Brassica rapa chinensis
May - December
Bok Choy is a vegetable of many names—pak choi, bok choi, pak choy, Chinese cabbage, Chinese chard, Chinese mustard, celery mustard and spoon cabbage As the latter name suggests, it originated in China, and when it migrated to Korea, it became the main vegetable in kimchi. Bok choy stems overlap each other, resembling celery in appearance (but wider and flatter), and forming a white bulbous base. The stems end in broad, upright, green leaves, and the fully grown plant will reach 12 to 18 inches. The entire plant is edible and used in cooking from many East Asian and Phillipine cultures, but in the U.S., it is most often found in Chinese dishes. The white ends have a light flavor, and the leaves are delicious wilted in a stir fry.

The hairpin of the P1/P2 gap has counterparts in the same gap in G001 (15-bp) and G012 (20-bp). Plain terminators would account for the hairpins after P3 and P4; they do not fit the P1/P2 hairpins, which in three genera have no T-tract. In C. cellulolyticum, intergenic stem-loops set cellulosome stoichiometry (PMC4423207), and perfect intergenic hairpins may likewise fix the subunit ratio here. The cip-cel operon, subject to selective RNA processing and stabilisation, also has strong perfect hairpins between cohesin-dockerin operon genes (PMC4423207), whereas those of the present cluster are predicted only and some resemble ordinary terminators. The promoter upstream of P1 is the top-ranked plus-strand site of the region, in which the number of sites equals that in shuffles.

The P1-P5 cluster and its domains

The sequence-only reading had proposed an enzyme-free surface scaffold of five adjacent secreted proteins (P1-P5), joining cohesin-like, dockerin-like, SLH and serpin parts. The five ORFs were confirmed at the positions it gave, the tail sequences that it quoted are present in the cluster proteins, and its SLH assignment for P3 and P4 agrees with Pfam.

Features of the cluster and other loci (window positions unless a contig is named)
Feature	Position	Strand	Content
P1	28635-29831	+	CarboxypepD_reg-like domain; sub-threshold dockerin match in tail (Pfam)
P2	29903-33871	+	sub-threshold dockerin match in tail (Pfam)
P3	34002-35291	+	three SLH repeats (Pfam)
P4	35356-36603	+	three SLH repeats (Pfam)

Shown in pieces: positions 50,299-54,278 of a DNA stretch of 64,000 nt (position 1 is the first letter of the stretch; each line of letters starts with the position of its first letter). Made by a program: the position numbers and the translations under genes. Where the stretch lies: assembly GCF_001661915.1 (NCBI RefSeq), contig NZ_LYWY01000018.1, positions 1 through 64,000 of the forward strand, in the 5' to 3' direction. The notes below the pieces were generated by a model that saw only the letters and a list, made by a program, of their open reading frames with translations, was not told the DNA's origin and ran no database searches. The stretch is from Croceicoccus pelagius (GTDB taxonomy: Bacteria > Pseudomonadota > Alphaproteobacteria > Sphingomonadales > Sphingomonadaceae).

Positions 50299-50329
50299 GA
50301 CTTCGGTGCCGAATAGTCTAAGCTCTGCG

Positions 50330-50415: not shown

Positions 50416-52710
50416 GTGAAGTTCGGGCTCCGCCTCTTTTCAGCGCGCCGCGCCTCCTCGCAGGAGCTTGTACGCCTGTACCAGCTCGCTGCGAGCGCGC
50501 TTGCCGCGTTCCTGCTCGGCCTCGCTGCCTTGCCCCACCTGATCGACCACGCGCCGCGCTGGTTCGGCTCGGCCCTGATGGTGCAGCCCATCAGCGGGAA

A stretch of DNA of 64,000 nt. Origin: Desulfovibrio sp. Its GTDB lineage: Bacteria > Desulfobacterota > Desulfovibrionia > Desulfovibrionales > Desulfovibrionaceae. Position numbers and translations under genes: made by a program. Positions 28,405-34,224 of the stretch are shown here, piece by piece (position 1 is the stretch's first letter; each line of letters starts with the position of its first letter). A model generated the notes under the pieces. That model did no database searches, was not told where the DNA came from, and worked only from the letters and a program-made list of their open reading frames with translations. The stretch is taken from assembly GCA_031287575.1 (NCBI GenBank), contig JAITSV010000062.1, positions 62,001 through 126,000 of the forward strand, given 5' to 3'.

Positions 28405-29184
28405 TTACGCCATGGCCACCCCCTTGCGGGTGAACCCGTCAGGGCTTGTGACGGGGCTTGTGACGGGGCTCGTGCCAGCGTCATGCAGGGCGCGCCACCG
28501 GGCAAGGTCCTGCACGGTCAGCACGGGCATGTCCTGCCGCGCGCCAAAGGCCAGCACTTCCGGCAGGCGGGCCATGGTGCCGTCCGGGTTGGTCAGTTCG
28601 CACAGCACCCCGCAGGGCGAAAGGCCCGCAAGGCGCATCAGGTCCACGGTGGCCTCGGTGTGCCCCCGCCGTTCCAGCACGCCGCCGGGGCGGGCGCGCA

Fun Fact: Bok choy seedlings are frost tolerant and can actually withstand below 30 degrees. Therefore, with two plantings, they could be the first in and the last out of a garden.
Nutrition: Bok choy is high in vitamins C and K, and it has more vitamin A, carotenes and antioxidants than cabbage. It is a very low calorie food.